Remodeling India’s Investment Treaty Regime (II)

By Kavaljit Singh | Commentary | July 20, 2016

As part of ongoing initiatives towards restructuring its bilateral investment treaty regime, the Indian government has recently approached 25 countries – with whom the initial duration of treaty is not yet over – to sign a joint interpretative statement to clarify ambiguities in the existing treaty texts. The objective of this move is to minimize the possibility of arbitral tribunals interpreting the treaty provisions vastly different from what the contracting parties originally had in mind when they signed these treaties.

These 25 countries are Bahrain, Bangladesh, Bosnia and Herzegovina, Brunei, China, Colombia, Finland, Iceland, Jordan, Kuwait, Laos, Latvia, Libya, Lithuania, Macedonia, Mexico, Mozambique, Myanmar, Saudi Arabia, Senegal, Serbia, Sudan, Syria, Trinidad and Tobago, and Turkey.

This policy move complements the other initiative to terminate 57 treaties and replace them with new ones as per 2015 Model BIT. Both these initiatives have been undertaken in response to the rapid increase in the number of investment treaty claims challenging public policies and demanding billions of dollars in compensation for the alleged violation of India’s bilateral investment treaties.

Of course, India is not the only country whose investment treaty regime is facing challenges. Currently a large number of developing and developed countries are facing an increasing number of arbitration claims. According to the UNCTAD, the total number of publicly known ISDS claims reached 696 in 2015, out of which 70 ISDS cases were filed in 2015 alone.

The Importance of Joint Interpretative Statements

Even though joint interpretative statements are purely limited to clarifying the treaty text, these have assumed greater significance in recent years due to four key reasons.

Firstly, the clarifications can help foreign investors to understand the contours and limits of treaty protections before initiating an investment claim against a host country. Hence, it can deter filing of frivolous claims by investors under the BIT.

Secondly, by issuing interpretative notes the contracting parties can reinforce the supremacy of public policy objectives so as to ensure that investment protection measures do not limit the ability of governments to pursue legitimate public policy objectives.

Thirdly, the interpretative statements can provide guidance to tribunals in their reading of investment protection measures. This matter has become very important as tribunals enjoy a significant margin of discretion in determining the substantive and procedural protections available under the BIT. There are plenty of instances in the recent past where the tribunals have interpreted broad and imprecise provisions (such as fair and equitable treatment and umbrella clauses) in totally conflicting ways thereby creating more confusion than clarity. In the aftermath of financial crisis of 2001, the arbitral awards issued against Argentina citing violation of FET and umbrella clauses of US-Argentina BIT are prime examples of this trend. In order to enhance consistency, quality and predictability of awards, the contracting parties are increasingly exploring the option of issuing joint interpretative statements.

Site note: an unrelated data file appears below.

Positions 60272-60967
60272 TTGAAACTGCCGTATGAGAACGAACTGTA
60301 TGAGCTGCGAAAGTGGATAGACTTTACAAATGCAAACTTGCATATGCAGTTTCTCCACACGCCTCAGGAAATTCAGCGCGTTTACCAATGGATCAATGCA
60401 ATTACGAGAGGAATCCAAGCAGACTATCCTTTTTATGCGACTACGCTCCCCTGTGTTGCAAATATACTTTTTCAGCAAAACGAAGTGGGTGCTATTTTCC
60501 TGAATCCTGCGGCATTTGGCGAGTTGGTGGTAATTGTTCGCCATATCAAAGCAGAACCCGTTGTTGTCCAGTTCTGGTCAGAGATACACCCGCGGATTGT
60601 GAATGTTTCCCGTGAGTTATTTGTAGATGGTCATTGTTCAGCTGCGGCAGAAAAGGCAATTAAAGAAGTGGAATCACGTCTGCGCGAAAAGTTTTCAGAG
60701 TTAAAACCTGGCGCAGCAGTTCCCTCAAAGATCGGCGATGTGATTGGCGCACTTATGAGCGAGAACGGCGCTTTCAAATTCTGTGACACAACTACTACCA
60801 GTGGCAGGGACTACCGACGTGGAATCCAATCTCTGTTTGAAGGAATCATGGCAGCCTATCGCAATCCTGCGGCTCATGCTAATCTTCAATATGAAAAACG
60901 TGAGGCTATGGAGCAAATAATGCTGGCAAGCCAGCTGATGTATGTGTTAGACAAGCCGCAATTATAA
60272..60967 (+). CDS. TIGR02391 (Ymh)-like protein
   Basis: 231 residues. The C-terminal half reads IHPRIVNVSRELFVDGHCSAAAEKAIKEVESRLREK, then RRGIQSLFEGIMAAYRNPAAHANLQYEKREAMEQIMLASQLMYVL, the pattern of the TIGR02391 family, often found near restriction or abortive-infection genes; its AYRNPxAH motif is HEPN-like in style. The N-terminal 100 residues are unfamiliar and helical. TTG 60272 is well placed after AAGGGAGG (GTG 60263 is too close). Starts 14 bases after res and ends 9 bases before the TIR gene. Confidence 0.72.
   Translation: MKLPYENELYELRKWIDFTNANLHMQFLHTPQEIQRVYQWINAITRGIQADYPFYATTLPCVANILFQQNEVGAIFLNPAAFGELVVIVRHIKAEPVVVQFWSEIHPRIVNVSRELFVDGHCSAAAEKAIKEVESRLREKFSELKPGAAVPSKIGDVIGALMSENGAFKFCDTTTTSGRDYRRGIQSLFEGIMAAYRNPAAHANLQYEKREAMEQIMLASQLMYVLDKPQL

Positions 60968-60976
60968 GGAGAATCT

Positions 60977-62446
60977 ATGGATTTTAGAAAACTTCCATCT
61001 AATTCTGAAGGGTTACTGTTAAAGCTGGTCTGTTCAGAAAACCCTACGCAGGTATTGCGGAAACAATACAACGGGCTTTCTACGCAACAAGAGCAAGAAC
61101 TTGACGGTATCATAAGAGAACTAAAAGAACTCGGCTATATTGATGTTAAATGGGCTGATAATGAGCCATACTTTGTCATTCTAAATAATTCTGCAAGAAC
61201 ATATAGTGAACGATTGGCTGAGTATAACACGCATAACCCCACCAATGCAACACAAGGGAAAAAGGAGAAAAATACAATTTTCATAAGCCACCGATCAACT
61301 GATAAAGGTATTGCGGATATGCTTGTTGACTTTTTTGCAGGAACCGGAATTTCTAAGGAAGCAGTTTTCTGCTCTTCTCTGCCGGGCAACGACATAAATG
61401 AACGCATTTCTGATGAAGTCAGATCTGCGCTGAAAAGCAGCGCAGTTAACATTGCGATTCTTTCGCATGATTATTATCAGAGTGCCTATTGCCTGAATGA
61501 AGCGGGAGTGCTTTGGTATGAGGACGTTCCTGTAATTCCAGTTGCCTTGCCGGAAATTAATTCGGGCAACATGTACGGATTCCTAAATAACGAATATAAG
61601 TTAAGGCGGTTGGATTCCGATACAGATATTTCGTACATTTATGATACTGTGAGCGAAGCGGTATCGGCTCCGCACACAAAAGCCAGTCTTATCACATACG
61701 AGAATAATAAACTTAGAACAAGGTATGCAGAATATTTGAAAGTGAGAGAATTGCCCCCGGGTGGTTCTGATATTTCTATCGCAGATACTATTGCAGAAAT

Lastly, the issuance of joint interpretative statements is widely perceived as more effective in reducing exposure to international investment arbitration, instead of unilateral termination of treaties. Needless to say, it allows greater flexibility to address shortcomings of investment treaties in force.

It is important to note that the international law allows the contracting parties to issue joint interpretative statements at any stage during the lifetime of an investment treaty. Articles 31 and 32 of the Vienna Convention on the Law of Treaties contain comprehensive rules related to treaty interpretation which are extensively used by several international bodies including the International Court of Justice.

Interpretative Notes

Following are some of the important interpretative notes listed in the consolidated text:

Definition of Investor and Investment: It clarifies that the term investor means only an entity which is duly established in that Contracting Party and “is engaged in substantial business activities in the territory of that Contracting Party.” The note further clarifies that the substantial business activities do not include business alliances set up for tax avoidance purposes and the passive holding of stock, securities, land and other property.

The pre-establishment or pre-investment activities will not get any protection. As per the note, the minimum characteristics of an investment are:

  • The lasting contribution of capital or other resources;
  • The expectation of gain or profit;
  • The assumption of risk by the investor;
  • Significance for development in the host country.

It says that portfolio investments as well as claims to payment resulting from sale of goods or services will not constitute investments.

Taxation Matters: On the exclusion of taxation measures, the text clarifies that “the treaties that are silent on inclusion or exclusion of taxation measures from their scope, it is implied that such treaties do not apply to any law or measure regarding taxation, including measures taken to enforce taxation obligations.”

To be continued…

Image courtesy of